>
    >
    >Cheers, Phred.
    >
    >--
    >
    >
     
    Ralph, Jul 26, 2004
    #5
  6. Phred

    John Smith Guest

    In aus.computers Phred <> wrote:
    > In article <>,
    > (Joe P) wrote:
    >>Perhaps the cal.exe program Ben Ritchey has listed on his website at
    >>http://cmech.port5.com/ is what you are looking for.

    >
    > Thanks for your interest, Joe, but I'm afraid cal.exe is a bit
    > limited for what I want.
    > <quoting http://cmech.port5.com/>
    > Cal.Exe will display a small but concise Calendar of the current month
    > with today hilighted
    > </quoting>
    >
    > I was actually looking at something for past/future dates etc.
    > Initially came about due to discussion of the *day* various events
    > occurred in the past rather than just the date that you're taught at
    > school. :)



    The windows one I have used is 'tclockex'


    Visit the TClockEx home page at:
    http://users.iafrica.com/d/da/dalen




    >
    >> (Phred) wrote in message
    >> news:<>...
    >>> ISTR that Unix has a "cal" command that will do things like print out
    >>> a calendar for a given month/year, tell you the day of a given date,
    >>> and similar essential or trivial detail (depending on your needs).
    >>>
    >>> So the question is, is such a thing available for DOS/Windows?
    >>>
    >>> A command line implementation would be neat; but a more elaborate
    >>> creation would not be rejected if it's capable and accurate and does
    >>> things nicely. (CL output does tend to be rather crude at best. :)

    >
    >
    > Cheers, Phred.
    >
     
    John Smith, Jul 26, 2004
    #6
  7. Phred

    Phred Guest

    In article <newscache$dfdg1i$fub$>, (John Smith) wrote:
    >In aus.computers Phred <> wrote:
    >> In article <>,
    >> (Joe P) wrote:
    >>>Perhaps the cal.exe program Ben Ritchey has listed on his website at
    >>>http://cmech.port5.com/ is what you are looking for.

    >>
    >> Thanks for your interest, Joe, but I'm afraid cal.exe is a bit
    >> limited for what I want.
    >> <quoting http://cmech.port5.com/>
    >> Cal.Exe will display a small but concise Calendar of the current month
    >> with today hilighted
    >> </quoting>
    >>
    >> I was actually looking at something for past/future dates etc.
    >> Initially came about due to discussion of the *day* various events
    >> occurred in the past rather than just the date that you're taught at
    >> school. :)

    >
    >The windows one I have used is 'tclockex'
    >Visit the TClockEx home page at:
    >http://users.iafrica.com/d/da/dalen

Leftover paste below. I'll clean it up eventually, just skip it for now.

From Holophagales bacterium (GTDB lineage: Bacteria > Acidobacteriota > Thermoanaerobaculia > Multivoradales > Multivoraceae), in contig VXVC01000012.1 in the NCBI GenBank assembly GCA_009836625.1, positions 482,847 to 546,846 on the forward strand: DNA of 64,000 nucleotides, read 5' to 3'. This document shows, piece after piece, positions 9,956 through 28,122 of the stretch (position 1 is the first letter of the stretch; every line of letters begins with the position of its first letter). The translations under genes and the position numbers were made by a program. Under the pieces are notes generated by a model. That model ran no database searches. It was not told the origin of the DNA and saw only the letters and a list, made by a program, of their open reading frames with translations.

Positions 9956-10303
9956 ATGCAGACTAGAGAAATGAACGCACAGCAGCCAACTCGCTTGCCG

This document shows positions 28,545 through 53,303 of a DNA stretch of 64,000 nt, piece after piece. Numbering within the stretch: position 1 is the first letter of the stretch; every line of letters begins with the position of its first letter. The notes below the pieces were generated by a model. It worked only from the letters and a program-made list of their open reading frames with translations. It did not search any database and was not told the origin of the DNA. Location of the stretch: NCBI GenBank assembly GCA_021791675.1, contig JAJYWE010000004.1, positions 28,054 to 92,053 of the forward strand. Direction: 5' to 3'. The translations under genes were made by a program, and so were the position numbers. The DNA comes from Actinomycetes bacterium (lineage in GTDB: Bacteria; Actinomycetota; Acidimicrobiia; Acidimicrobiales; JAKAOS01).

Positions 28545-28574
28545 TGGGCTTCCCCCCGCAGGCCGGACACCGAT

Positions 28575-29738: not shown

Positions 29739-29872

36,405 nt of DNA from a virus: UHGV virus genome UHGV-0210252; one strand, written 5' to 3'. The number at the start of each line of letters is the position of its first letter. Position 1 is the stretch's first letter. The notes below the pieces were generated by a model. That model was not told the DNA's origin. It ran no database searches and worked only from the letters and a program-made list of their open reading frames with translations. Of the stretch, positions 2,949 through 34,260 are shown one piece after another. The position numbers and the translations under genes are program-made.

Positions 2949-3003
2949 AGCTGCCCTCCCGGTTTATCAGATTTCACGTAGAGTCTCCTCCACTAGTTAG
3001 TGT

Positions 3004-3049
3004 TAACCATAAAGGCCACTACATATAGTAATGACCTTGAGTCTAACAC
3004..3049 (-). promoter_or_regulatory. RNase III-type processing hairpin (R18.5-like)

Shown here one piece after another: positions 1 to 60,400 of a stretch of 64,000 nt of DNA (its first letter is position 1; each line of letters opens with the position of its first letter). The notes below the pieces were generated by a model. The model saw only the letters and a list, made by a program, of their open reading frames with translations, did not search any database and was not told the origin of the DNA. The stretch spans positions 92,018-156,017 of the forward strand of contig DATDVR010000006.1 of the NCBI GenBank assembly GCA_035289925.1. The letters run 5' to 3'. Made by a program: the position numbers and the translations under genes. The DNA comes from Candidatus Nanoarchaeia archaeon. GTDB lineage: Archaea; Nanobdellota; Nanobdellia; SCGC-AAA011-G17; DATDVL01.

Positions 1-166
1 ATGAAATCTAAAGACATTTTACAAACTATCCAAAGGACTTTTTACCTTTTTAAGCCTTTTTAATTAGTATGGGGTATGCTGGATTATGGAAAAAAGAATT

Thanks for your interest, mate, but this one seems to just give you
    current time and date. As indicated above, not really what I'm after.

    P.S. For your info:
    <quoting>
    Dale Nurden's home page has moved to: http://www.rcis.co.za/dale
    Please update your favourites and bookmarks. Sorry for the
    inconvenience.
    </quoting>


    Cheers, Phred.

    --
    D
     
    Phred, Jul 26, 2004
    #7
  8. Phred

    Phred Guest

    In article <ce1j5a$omj$>,
    "Ralph" <6.com> wrote:
    >Will an html page suffice?
    >I have something if so.


    You do tend to play things close to your chest. :)
    [Also, your newsreader put your sig in the wrong place, so the rest of
    this topic has vanished.]

    Cheers, Phred.

    --
    D
     
    Phred, Jul 26, 2004
    #8
  9. Phred

    Rod Guest

    Phred wrote:

    >>>
    >>> I was actually looking at something for past/future dates etc.
    >>> Initially came about due to discussion of the *day* various events
    >>> occurred in the past rather than just the date that you're taught at
    >>> school. :)

    >>
    >> The windows one I have used is 'tclockex'
    >> Visit the TClockEx home page at:


    >
    > Thanks for your interest, mate, but this one seems to just give you
    > current time and date. As indicated above, not really what I'm after.


    One click on TclockEx shows a calendar which you can easily scroll backwards
    and forwards with in time (press the previous or next month, keep pressed to
    go fast backwards/forward), just found out I was born on a thursday (in
    1970) and I will turn 50 on a thursday (thursdays rule)


    > Dale Nurden's home page has moved to: http://www.rcis.co.za/dale


    HTH Rod

    --
    De gustibus non est disputandum
     
    Rod, Jul 26, 2004
    #9
  10. Phred

    Phred Guest

    Troppo? You sound like a house master we had at boarding school 50
    years ago! :)

    Anyway, thanks for this pointer. It sounds rather like cal40.zip
    which was coincidentally mentioned in another group I saw this evening
    (see my response "Re: print monthly calendar ..." cross-posted here)
    which looks like the bee's knees too, if not the duck's nuts. But not
    sure if cal40 also does that piping thing, though it wouldn't be
    unusual to find it will.

    I must say that it's a pleasure to find a 3622 byte program (cal.com
    in that cal_gb.zip you mentioned below) that does something useful in
    this day and age. (Mind you, it dates from 1989, so don't know if it